experience with the treatment of patients with sarcoma-          of the renal pelvis with giant cell tumor-like features:
toid TCC is limited, Hisataki et al. suggested a radical,        case report with immunohistochemical findings. Int J Urol
extensive operation to treat this disease. However, it re-       2005;12:199-203.
mains uncertain whether such an operation contributes         3. Ikegami H, Iwasaki H, Ohjimi Y, Takeuchi T, Ariyoshi A,
to improved survival.1 Thiel et al. presented the case of        Kikuchi M. Sarcomatoid carcinoma of the urinary
a 61-year-old man with a renal pelvis-confined sarco-            bladder: a clinicopathologic and immunohistochemical
matoid carcinoma of transitional cell origin. A laparo-          analysis of 14 patients. Hum Pathol 2000;31:332-40.
                                                              4. Lopez-Beltran A, Pacelli A, Rothenberg HJ, et al. Car-
scopic nephroureterectomy was performed, and no fur-             cinosarcoma and sarcomatoid carcinoma of the bladder:
ther adjuvant therapy was given. The patient was with-           clinicopathologic study of 41 cases. J Urol 1998;159:
out recurrence for more than 1 year.8                            1497-503.
      Another 2 studies suggested that it seems appropri-     5. Sekido Y, Satoh F, Usui Y, Tsutsumi Y. Sarcomatoid
ate to treat these neoplasms in the same manner as con-          carcinoma of the renal pelvis: a case report. Pathol Int
ventional high-grade TCC with similar degrees of                 2000;50:562-7.
invasion.2,9 However, to our knowledge, no previous           6. Perez-Montiel D, Wakely PE, Hes O, Michal M, Suster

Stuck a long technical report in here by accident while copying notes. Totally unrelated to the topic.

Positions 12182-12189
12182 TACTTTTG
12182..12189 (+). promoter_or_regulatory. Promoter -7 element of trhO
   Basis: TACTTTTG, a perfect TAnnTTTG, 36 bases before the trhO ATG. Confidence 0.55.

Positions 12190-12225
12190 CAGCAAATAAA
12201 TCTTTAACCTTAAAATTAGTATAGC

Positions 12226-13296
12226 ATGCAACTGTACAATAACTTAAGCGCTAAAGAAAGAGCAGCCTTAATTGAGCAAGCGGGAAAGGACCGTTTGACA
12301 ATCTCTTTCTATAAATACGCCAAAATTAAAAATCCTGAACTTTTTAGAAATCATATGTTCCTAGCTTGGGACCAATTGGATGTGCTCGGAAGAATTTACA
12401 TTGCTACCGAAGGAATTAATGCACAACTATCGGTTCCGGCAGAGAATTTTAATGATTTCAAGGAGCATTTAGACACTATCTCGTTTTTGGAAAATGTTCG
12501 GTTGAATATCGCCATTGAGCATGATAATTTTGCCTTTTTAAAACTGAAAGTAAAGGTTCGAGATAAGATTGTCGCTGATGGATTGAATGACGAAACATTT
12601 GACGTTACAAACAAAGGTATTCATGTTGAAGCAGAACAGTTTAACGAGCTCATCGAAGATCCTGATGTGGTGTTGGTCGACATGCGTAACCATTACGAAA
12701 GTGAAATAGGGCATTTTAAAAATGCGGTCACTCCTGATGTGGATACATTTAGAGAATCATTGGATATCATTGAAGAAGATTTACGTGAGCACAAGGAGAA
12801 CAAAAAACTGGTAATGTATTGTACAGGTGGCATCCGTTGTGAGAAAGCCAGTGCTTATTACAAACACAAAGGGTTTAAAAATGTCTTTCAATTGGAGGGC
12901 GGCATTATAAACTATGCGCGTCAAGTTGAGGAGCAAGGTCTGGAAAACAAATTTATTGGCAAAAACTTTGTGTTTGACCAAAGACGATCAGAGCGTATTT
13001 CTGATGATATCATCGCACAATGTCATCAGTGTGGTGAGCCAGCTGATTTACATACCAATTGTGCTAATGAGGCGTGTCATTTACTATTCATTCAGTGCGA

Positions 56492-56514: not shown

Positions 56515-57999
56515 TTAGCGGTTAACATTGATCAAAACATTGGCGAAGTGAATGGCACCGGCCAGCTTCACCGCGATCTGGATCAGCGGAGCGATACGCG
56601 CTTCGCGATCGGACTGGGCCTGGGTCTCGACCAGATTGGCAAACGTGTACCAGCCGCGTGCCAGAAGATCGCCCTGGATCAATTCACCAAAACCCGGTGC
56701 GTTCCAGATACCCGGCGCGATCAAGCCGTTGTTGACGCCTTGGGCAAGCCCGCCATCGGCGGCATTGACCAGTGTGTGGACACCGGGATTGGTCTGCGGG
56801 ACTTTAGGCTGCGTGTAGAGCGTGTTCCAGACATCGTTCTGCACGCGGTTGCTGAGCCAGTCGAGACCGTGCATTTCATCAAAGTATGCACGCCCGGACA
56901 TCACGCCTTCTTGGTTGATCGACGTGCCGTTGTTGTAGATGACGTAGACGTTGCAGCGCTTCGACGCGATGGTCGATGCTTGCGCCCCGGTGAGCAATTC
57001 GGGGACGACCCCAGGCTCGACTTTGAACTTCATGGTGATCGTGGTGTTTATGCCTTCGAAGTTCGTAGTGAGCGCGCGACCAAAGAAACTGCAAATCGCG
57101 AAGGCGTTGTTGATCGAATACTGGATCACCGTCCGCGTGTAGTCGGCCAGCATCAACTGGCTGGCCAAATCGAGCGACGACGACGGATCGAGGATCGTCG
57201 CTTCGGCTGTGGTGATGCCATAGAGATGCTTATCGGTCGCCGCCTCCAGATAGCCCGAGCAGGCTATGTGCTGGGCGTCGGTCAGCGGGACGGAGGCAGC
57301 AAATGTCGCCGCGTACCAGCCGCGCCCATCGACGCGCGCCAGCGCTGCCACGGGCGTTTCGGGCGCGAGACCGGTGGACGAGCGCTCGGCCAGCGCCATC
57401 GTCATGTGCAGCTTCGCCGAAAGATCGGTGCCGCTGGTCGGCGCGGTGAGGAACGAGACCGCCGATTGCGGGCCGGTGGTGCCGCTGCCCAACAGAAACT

S. High-grade urothelial carcinoma of the renal pelvis:
report is available for a sarcomatoid TCC of the renal           clinicopathologic study of 108 cases with emphasis on
pelvis treated with systemic chemotherapy. Froehner et           unusual morphologic variants. Mod Pathol 2006;19:494-
al.9 reported an 80-year-old patient with a sarcomatoid          503.
carcinoma of the bladder and lung metastasis. They dem-       7. Lopez-Beltran A, Escudero AL, Cavazzana AO, et al.
onstrated a remarkable response of the residual tumor            Sarcomatoid transitional cell carcinoma of the renal
in the lung and complete remission during 2 years of             pelvis: a report of five cases with clinical, pathological,
follow-up after treatment with 4 courses of gemcitabine          immunohistochemical, and DNA ploidy analysis. Pathol
                                                                 Res Pract 1996;192:1218-24.
and cisplatin.                                                8. Thiel DD, Igel TC, Wu KJ. Sarcomatoid carcinoma of
      In conclusion, sarcomatoid TCC of the renal pelvis         transitional cell origin confined to renal pelvis. Urology
is a very rare high-grade neoplasm with a very poor              2006;67:622.
prognosis. For early localized disease, a radical, aggres-    9. Michael F, Hans-Juergen G, et al: Durable complete
sive operation should be considered to improve the               remission of metastatic sarcomatoid carcinoma of the
outcomes; for a tumor with advanced stage or metastasis,         bladder with cisplatin and gemcitabine in an 80-year-
the prognosis is extremely poor. Despite no effective            old man. Urology 2001;58:799.
treatments having previously been reported, systemic




JTUA 2008     19   No. 1                                                                                                  RN